First of all, I’m not a suit guy. I usually hate ties and don’t feel comfortable in blazers. My personal style is rather this: a vintage cashmere knit, Lemaire-ish, over-sized pants (a big no to any sweatpants!), a big coat and Raf Simons sneakers. I yawn at all Zegnas and Brionis (although I respect them), as men’s tailoring is quite uninspiring to me. But there’s one exception. And it’s Husbands Paris. Whenever I see their posts on Instagram, I’m obsessed. Everything is a dream, really, from their signature knitted ties (they might be an ideal option that wouldn’t make me feel out of breath) to the most delightful trench coats. You’ll find Husbands between the orbits of tailoring and fashion, plucking the craftsmanship from the former and stories from the latter to fill an otherwise uninhabited space of the industry with culture and style. The mind behind it, Nicolas Gabard, is as clued up on the technicalities of suit making as he is on the depths of Francis Bacon’s art. This understanding of two worlds has allowed him to birth a bespoke identity of design. In an interview with GQ, he says “craftsmanship is the secret of style“. “Husbands comes from an obsession with the body – of precision and details. We keep the full canvas of tailoring and its construction because it guarantees a lasting garment. Technically, we offer a perfect piece, but its life comes when the wearer composes something with it.” That’s where the culture comes in. Gabard views fashion as an outlet for “phantasm” and, after stitching on the roots of tailoring through one eye, he seals his designs with stories through the other. They originate from expressive interests, like llistening to The Smiths and Joy Division or watching films by Eric Rohmer. Husbands is proposing the thread of forever intriguing style icons, like Serge Gainsbourg, and then using it as a hook to dig people into exploring the possibilities of their own identities. The label sources its materials from England and manufactures its suits in Naples, but Paris is the base that provides an essential interplay with the individual’s state of mind. As Gabard says, “you don’t have to live the life of other people and that’s the same for clothing – you have to wear your own garments with your body, your culture, your dreams, your past, your phantasm.”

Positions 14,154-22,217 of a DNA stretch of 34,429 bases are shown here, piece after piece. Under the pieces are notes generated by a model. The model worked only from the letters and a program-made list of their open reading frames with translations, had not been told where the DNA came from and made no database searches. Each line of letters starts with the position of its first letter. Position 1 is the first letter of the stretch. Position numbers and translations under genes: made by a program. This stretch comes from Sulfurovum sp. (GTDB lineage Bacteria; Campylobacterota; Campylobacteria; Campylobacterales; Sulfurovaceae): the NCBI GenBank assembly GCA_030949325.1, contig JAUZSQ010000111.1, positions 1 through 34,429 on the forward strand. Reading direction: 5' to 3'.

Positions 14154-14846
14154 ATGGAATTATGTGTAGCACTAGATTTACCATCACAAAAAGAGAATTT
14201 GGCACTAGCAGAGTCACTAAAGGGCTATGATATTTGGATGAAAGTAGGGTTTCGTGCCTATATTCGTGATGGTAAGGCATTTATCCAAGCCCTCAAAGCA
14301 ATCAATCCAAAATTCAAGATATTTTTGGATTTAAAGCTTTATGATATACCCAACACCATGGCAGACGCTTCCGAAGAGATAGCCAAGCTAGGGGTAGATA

Discover the brand here or visit their store in Paris on 57 Rue de Richelieu (in post-lockdown times, of course…).
Collage by Edward Kanarecki, photos sourced from Husbands Paris site and Instagram.